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Gilmour completes test fire of rocket ahead of 2022 launch

Gilmour Space Technologies has successfully completed a 75-second test fire of its new rocket engine, which it hopes to launch in Queensland in the latter half of 2022.

Gilmour completes test fire of rocket ahead of 2022 launch
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The business’ chief executive, Adam Gilmour, said the procedure involved the main engine that will power the first and second stages of its three-stage Eris rocket.

“We achieved our expected full thrust of 110 kilonewtons (or 25,000 pounds-force), and our team will be moving on to the final engine qualification campaign next month,” he said.


The company, Australia’s largest sovereign space employer, was founded by two brothers in 2013 and specialises in creating orbital-class hybrid propulsion technologies, which are safer and cheaper than traditional rockets.

It's already signed an agreement with Juru Traditional Owners at Bowen, Queensland, to support the land as a rocket launch site later this year.

If it goes to plan, it will become Australia’s second long-term rocket launch site with Whalers Way in SA used by rival Southern Launch.

Gilmour, however, claims its rockets are the most powerful ever developed in Australia, and will be capable of launching 300- to 4,000-kilogram satellites and payloads into low earth and other orbits. 


“It is no small thing to say that we’ve developed Australia’s largest rocket engine; and that it could have significant flow-on benefits for the commercial, civil and defence space sectors,” he added. 

“With timely assessments and approvals from relevant authorities, we hope to be able to launch Australia’s first sovereign-made rocket from Queensland sometime in the latter half of 2022."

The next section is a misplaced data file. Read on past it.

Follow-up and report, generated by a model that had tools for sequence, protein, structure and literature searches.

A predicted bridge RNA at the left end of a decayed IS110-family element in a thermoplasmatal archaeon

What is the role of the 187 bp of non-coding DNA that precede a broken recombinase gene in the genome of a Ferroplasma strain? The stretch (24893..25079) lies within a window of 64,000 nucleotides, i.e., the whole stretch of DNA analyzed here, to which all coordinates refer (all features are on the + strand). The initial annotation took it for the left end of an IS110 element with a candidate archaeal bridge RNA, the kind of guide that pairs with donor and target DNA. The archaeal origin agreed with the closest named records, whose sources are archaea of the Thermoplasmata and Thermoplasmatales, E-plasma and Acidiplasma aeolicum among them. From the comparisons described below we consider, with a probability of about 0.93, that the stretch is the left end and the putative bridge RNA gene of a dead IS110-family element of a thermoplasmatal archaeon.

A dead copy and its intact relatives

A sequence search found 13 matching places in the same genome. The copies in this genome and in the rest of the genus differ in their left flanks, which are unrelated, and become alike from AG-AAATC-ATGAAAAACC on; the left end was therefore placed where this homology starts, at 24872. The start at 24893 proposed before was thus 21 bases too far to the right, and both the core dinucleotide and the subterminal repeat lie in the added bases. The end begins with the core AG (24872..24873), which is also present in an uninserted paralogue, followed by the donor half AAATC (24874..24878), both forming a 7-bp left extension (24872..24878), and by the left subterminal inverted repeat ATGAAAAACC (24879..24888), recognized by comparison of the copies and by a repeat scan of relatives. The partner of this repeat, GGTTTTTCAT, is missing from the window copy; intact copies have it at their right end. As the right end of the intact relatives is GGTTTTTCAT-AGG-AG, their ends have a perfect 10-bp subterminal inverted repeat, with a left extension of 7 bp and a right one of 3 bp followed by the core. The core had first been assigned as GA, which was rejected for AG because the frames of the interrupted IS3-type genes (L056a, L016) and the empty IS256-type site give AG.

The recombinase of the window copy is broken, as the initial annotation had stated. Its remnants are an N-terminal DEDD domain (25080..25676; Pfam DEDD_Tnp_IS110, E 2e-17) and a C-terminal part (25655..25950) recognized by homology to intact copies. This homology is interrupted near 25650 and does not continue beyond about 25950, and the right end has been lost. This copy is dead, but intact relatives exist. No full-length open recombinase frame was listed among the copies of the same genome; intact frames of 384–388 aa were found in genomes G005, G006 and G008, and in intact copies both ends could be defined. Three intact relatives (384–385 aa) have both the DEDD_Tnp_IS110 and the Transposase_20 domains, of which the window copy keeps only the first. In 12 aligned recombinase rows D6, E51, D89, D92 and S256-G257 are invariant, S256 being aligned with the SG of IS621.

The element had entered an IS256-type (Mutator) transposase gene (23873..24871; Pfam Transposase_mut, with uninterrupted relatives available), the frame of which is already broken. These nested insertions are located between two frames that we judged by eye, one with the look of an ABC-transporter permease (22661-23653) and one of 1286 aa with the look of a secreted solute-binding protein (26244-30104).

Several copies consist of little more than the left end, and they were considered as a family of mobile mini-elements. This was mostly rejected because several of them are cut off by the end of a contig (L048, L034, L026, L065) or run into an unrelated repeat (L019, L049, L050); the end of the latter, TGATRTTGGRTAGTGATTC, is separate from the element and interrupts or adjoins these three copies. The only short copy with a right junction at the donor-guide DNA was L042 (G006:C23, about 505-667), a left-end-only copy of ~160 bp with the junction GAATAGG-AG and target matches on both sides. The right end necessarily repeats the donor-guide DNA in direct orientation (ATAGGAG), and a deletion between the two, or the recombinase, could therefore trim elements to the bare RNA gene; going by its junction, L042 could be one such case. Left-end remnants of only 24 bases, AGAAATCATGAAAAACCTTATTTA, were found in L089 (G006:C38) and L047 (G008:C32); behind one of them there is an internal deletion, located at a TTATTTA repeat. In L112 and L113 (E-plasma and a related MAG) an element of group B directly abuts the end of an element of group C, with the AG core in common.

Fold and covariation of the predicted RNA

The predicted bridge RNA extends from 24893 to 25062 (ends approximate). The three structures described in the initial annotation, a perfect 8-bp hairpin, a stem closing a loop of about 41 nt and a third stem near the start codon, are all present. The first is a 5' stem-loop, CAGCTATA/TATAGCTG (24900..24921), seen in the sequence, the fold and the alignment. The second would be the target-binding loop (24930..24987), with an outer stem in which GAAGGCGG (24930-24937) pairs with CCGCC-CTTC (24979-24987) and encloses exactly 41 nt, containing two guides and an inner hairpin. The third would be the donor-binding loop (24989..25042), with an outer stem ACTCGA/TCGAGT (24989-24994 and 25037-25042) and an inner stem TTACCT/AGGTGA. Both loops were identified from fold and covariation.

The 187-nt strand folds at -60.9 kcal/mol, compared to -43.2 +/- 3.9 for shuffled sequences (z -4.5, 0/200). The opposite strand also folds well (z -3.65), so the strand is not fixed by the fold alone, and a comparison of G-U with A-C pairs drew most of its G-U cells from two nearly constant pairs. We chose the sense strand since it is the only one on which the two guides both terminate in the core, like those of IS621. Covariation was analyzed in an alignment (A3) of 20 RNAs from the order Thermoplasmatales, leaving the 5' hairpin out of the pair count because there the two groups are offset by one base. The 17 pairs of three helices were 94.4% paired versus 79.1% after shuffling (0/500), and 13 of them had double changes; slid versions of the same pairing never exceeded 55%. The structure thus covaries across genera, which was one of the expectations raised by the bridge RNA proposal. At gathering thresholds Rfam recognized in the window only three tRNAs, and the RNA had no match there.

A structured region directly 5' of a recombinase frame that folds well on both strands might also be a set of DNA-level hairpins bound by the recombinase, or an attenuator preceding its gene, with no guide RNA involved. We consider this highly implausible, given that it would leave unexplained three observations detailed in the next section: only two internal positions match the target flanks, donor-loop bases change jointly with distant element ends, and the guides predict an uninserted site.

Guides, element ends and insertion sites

Last year saw several huge milestones for the company achieved. In May, the Queensland government announced it was committed to supporting Gilmour in the development of the launch and months later it secured $61 million in funding from venture capital investors.

The smallsat – a spacecraft less than 500 kilograms in mass – will have a payload of up to 215 kilograms, launching into 500-kilometre sun-synchronous orbit (SSO).

The company has also been approved as being formally Australian made, meaning the rocket can have the Australian logo printed on it.

You can listen to Space Connect's earlier podcast interview with Adam Gilmour, above.

The biggest day to hit the space industry is coming! Space Connect is thrilled to announce the brand-new Australian Space Summit coming to Sydney in March 2022. This jam-packed event will deliver relevant insights and market intelligence to help better shape business decisions and will provide topical information for the full breadth of the space sector. Visit the website to learn more and to secure your ticket to attend.

Adam Thorn

Adam Thorn

Adam is a journalist who has worked for more than 40 prestigious media brands in the UK and Australia. Since 2005, his varied career has included stints as a reporter, copy editor, feature writer and editor for publications as diverse as Fleet Street newspaper The Sunday Times, fashion bible Jones, media and marketing website Mumbrella as well as lifestyle magazines such as GQ, Woman’s Weekly, Men’s Health and Loaded. He joined Momentum Media in early 2020 and currently writes for Australian Aviation and World of Aviation.

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